Remembrance wall gets boost

Remembrance wall gets boost

Jason Derbyshire, from left, associate dealer of Canadian Tire Cataraqui; Dan Gostlin, associate dealer of Canadian Tire on Division Street; Elwin Derbyshire associate dealer of Canadian Tire Cataraqui; Allan Jones, chairman of the Wall of Remembrance; Rick Smith associate dealer of Canadian Tire in the Kingston Centre, and Col. Stephen Kelsey, CFB Kingston base commander, at CFB Kingston on Thursday. Steph Crosier/The Whig-Standard)

The Wall of Remembrance and the military community will be receiving a boost of support from local Canadian Tire locations on Nov. 14.

"We wanted to have a day where we set up tables, so as you walk into the Canadian Tire stores there will be information tables about what the legion does, what the Armed Forces do, what the women's auxiliary does," Rick Smith, associate dealer of Canadian Tire in the Kingston Centre and organizer of the event, said. "More importantly, this national Wall of Remembrance, they are going to be on site accepting donations towards building it."

The entire military and civilian community is invited to learn more about the organizations at all three Canadian Tire Kingston locations -- 2560 Princess St., 59 Bath Rd. and 1040 Division St. In addition to military members receiving 10 per cent off their purchase that day, another percentage of every transaction will go to the Wall of Remembrance.

Allan Jones, founder of the Wall of Remembrance and president of Royal Canadian Legion Branch 560 on Montreal Street, said the event at the Canadian Tire locations will bring a lot attention to the project.

"(Nov. 14) will definitely boost it," Jones said. "We have corporate sponsors and Canadian Tire just came on board, so they are obviously going to be a very important sponsor because what they are doing now, nobody else has done this. So they're going to raise money, they've promised a minimum of $5,000.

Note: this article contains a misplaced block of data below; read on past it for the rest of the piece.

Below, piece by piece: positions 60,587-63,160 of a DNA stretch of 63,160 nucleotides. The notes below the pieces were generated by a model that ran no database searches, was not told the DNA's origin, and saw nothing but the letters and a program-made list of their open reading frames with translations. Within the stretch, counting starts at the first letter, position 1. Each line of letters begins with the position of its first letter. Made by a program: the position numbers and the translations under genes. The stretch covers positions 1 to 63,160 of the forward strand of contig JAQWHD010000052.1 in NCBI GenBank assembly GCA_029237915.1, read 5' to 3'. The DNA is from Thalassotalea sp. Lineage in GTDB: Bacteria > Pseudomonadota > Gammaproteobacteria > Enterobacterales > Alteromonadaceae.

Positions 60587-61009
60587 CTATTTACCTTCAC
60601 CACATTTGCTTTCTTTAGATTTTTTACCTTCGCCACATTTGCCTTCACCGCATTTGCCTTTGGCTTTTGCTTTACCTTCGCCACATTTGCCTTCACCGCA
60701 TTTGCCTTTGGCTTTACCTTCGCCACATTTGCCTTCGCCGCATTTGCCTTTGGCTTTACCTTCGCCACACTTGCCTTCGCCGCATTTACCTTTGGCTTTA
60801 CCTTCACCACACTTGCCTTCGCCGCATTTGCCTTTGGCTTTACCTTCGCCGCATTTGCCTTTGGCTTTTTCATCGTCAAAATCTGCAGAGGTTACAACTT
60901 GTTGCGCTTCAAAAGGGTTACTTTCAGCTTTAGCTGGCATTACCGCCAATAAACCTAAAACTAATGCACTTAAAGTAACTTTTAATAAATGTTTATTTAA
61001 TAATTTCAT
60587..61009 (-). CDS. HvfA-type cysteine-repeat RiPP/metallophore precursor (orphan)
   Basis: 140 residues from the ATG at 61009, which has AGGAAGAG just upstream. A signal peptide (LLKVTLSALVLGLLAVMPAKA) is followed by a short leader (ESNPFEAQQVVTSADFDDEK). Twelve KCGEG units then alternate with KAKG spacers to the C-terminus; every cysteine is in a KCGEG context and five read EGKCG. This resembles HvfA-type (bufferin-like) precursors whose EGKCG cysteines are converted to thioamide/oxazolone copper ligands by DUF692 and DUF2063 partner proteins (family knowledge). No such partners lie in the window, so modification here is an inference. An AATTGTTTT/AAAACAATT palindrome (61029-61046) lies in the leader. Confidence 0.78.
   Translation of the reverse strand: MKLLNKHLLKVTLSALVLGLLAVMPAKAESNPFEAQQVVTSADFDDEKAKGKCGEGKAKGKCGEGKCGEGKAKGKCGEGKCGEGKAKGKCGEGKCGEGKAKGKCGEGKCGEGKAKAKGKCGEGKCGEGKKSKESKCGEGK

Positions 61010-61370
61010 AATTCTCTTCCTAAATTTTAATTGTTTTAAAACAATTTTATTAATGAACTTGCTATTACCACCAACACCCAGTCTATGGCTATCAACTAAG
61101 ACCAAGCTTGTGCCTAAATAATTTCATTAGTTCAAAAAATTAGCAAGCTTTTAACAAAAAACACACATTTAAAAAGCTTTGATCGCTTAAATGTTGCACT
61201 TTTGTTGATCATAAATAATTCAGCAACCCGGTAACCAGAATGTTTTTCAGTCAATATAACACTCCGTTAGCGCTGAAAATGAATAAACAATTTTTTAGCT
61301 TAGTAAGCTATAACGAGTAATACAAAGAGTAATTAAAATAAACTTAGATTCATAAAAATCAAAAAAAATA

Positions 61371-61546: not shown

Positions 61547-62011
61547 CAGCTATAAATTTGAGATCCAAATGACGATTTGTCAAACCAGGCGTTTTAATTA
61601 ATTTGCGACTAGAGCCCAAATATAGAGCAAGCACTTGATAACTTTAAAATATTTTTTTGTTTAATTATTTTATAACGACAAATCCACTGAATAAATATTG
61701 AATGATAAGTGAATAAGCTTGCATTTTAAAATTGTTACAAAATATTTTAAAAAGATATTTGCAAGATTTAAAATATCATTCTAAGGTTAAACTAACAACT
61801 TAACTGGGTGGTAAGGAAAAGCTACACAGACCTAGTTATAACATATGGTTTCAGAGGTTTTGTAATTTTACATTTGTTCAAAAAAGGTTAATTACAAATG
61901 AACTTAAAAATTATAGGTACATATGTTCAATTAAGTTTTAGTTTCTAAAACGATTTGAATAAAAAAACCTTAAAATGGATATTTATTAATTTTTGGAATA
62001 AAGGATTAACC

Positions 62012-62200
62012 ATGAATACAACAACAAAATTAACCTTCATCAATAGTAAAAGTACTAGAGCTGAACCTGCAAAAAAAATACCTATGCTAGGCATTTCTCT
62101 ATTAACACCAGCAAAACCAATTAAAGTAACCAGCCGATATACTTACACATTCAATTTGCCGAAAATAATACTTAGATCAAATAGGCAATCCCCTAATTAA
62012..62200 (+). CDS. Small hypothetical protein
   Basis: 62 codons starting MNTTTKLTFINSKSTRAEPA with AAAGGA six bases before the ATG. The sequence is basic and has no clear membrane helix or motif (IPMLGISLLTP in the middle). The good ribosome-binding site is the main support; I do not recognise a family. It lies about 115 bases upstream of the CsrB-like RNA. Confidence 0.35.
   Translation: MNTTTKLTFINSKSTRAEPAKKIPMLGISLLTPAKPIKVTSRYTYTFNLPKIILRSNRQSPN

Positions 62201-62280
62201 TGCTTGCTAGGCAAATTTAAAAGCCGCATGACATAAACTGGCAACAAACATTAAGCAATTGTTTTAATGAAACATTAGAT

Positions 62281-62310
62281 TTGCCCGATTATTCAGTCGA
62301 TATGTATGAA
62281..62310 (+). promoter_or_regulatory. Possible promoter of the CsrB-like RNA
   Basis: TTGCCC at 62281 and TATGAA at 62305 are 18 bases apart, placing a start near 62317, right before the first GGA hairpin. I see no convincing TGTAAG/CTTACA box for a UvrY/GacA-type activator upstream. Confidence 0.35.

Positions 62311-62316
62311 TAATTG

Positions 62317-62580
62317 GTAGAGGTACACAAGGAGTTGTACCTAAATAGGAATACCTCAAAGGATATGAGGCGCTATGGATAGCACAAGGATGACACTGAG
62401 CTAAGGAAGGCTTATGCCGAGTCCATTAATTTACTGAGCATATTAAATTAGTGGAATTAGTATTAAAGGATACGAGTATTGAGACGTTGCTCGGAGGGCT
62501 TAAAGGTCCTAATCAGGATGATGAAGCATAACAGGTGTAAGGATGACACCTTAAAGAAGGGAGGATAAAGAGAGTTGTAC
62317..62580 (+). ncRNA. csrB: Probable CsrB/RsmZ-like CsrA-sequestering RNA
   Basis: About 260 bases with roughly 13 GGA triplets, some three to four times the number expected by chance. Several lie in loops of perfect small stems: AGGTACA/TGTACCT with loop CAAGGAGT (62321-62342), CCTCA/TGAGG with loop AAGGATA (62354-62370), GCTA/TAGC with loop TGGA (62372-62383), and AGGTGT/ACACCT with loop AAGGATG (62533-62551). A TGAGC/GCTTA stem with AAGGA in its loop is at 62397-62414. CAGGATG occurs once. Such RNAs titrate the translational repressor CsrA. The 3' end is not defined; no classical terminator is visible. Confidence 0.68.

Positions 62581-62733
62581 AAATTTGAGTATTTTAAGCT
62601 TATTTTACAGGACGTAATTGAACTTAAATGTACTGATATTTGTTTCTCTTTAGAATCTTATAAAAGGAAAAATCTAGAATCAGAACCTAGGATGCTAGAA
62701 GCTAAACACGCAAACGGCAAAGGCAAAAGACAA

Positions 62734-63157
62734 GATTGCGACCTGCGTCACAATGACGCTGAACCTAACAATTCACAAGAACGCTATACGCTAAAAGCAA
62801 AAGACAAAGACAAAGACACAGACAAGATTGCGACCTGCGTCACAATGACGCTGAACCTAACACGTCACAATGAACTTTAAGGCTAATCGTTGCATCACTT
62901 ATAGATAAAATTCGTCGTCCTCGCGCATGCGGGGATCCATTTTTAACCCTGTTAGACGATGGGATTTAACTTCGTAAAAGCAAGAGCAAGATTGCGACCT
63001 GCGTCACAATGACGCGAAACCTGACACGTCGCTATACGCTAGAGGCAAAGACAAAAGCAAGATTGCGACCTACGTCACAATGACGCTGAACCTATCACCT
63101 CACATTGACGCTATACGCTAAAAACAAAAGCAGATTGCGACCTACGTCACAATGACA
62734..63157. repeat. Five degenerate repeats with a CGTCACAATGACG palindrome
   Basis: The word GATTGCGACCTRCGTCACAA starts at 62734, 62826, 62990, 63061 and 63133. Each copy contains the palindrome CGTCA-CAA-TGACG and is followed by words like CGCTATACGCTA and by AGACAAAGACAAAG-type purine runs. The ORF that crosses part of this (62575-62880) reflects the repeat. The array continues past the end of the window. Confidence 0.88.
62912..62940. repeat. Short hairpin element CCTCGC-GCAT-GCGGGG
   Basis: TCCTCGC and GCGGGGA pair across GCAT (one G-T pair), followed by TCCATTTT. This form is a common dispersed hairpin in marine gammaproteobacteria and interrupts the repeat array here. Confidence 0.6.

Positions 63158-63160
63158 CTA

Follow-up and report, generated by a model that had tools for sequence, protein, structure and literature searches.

"So we're very, very pleased, very happy with what they've done."

The Wall of Remembrance honours every Canadian who has died in the defence of Canada since 1812. So far, 117,000 names have been gathered for the online collection, which offers biographies and profiles of each fallen man or woman, along with photos whenever possible and details of their unit. Jones hopes to break ground on the physical $2 million wall, to be located at the Military Communications and Electronics Museum, in the spring and summer. He hopes the final structure will be unveiled in November 2017.

Col. Stephen Kelsey, commander of Canadian Forces Base Kingston, told the Whig-Standard Thursday that the monument and the events at the Canadian Tire stores are humbling.

"First, because it's a very tangible demonstration by the community, and a couple of business owners, of a commitment to an idea," Kelsey said. "And for the families, more than just a great deal, it gives them the opportunity to see that they're part of it. It's not just about the member. I think the big idea that the business owners have really grasped is the ability to contribute something that is bigger than all of us and that's this Wall of Remembrance."

Kelsey, who has been posted to many Canadian Forces bases over this 30-year career, said Kingston has a different level of support for Forces members.

"Outwardly, look up the hill at RMC, we're seen as those military families," Kelsey said. "But we see ourselves as Kingstonians. This is our home, too."

steph.crosier@sunmedia.ca

Twitter.com/StephattheWhig

By Steph Crosier, Kingston Whig-Standard Thursday, November 5, 2015 9:05:10 EST PM